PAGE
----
Updated: Jan 31
Many people have grown up in Church. Many more have heard the story of Jesus coming to earth as a baby, amazing the Rabbi's as a child, performing miracles as a man, and finally dying on a cross some 2,000 years ago. We have seen Him on the flannelgraph in Sunday school and we have seen Him in exquisite paintings and on stained glass windows.
But somewhere between the Christmas programs and the Easter services, we missed God.
We know Him as "the man upstairs," "the good Lord" and "the higher power" - making God about as impersonal as a brick wall.
We know Him as the Healer but we wrestle with that when cancer comes. We know Him as the Mender but we cast a confused look to heaven when things break.
We know Him as the Heavenly Father and as the Bridegroom but those titles don't mean much to those scarred by earthly relationships.
We know Him as the Lawgiver who made the rules, and the Judge waiting to deliver a guilty verdict if the laws are not followed.
We know Him as Love but it's a potluck-style, "it-is-what-you-make-it" kind of love that is void of any real substance.
We know Him as many things and as nothing. He's kept in the sanctuary and bound in the steeple and we live like we either have to float through life with some abstract view of grace or we have to qualify for His approval, earn His favor; and gain whatever blessings He gives.
When all is stripped away and God is all that we have, do we even know Who we have? It doesn't appear that we do.
When we view God as a Judge, we work hard to do good things to avoid His wrath. When we view Him as a distant deity up in the sky, we sink into loneliness and isolation. When we view Him as one side of the proverbial coin, we live a one-sided Christianity that warps our faith and drowns us in confusion, disillusionment and bitterness. Church cliches are empty. Well-meaning spiritual nudges feel more like passive aggressive jabs. And none of those things give us any real inclination as to who God really is which causes our hearts to ache for something to hold on to and our souls to cry, "WHO IS THIS GOD?"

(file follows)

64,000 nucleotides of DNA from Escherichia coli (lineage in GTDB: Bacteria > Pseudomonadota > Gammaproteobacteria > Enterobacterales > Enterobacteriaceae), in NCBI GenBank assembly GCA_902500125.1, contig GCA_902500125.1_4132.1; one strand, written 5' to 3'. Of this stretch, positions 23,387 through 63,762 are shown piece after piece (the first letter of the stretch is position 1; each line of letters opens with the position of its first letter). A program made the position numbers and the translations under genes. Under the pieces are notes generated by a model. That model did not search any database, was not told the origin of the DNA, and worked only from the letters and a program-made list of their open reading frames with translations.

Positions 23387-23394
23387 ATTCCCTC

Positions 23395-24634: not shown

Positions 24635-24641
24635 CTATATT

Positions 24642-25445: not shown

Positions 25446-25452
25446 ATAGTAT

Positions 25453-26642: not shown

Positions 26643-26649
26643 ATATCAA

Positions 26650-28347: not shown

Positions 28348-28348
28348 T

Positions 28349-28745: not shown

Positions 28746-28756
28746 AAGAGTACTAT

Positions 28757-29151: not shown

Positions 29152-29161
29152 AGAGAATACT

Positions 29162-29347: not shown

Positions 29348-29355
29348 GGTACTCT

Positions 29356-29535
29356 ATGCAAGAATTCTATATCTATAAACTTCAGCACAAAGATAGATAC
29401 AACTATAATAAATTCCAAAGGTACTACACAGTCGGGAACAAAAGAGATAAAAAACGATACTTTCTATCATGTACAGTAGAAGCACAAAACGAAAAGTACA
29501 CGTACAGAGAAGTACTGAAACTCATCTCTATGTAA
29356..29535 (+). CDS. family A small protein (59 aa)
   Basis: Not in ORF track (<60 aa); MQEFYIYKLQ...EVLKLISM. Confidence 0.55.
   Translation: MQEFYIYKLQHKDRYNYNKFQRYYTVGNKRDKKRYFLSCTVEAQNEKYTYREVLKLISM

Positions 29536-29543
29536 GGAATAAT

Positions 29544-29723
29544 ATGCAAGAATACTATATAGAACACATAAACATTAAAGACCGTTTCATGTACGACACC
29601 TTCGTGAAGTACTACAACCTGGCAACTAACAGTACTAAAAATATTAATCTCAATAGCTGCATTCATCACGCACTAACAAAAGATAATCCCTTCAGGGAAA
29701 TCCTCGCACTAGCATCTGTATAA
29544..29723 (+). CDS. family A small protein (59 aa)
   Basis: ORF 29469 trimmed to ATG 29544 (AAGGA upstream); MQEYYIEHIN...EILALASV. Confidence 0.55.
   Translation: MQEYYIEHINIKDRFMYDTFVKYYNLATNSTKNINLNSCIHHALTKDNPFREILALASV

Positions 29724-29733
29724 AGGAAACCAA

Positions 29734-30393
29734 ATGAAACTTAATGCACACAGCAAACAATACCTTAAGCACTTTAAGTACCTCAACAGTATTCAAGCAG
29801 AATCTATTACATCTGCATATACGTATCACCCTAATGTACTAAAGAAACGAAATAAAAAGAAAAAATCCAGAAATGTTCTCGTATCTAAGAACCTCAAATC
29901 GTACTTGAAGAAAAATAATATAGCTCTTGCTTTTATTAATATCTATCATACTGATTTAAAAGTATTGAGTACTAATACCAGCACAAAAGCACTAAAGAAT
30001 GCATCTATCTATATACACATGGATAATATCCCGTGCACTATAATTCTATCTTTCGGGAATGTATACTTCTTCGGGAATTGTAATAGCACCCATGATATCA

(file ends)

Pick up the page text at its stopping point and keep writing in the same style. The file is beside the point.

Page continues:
Friend, I don't have Him figured out and, truthfully, if I did He wouldn't be a God worth serving. I don't understand the ins and outs of the Godhead but I do know this: He wants us to know Him.
Even when we don't understand the why's and the how's, He wants us to be seekers of the Truth. Even when we struggle to reconcile His omnipotence with His goodness, He wants us to search for Him, to ask from Him, to knock and knock and knock some more until the doors of Heaven burst open.
While we scramble around trying to figure out if He is going to be mad if we wear pants instead of dresses or if He is going to slap a scarlet A to our chest if we kiss before marriage, He is sitting on the throne with more grace than we have check lists. While we are scared that we will get the cold shoulder if we mess up or disappoint a God of Holiness when we can't measure up, He breathes in the fragrance of Calvary's atonement and looks upon us with joy.
We would be more inclined to live in peace if we better knew the Prince of Peace. We would be more apt to be quieted by His love if we understood that we will never drain the resources of His love or of His goodness. No, I don't have Him figured out, but this God is not limited to art, to books, to traditions or to perceptions. This God spread His arms out for me at Calvary, spreads His arms over me in the storm, and spreads His arms open for me to fall into when I am weak. This God looks upon me as one beloved, as one cherished and as one He eagerly and fiercely defends. I can exhaust myself living as though I worship a detached Master or I could believe that He is truly Emmanuel, God with us; God with me. He is not who I once thought He was and I praise Him for that.
If you are frustrated with vague snapshots of an invisible God, just know that contained in the mystery of Jesus, there is boundless love and matchless joy waiting for those who keep crying, "Show me who you are!" We won't understand much of anything this side of heaven, but we can echo the disciple, Peter, and say, "Lord, to whom shall we go?" (John 6:68)
Truly, there is none else.
For more on this topic, study:
Psalm 119:10; Proverbs 8:17; Isaiah 44:6;
Jeremiah 29:13; Jeremiah 31:3; Lamentations 3:22;
Hosea 6:3; Matthew 11:29; John 14:6;
John 14:26; Romans 5:8; Philippians 3:10;
Hebrews 4:16; 1 John 4:19; Revelation 1:8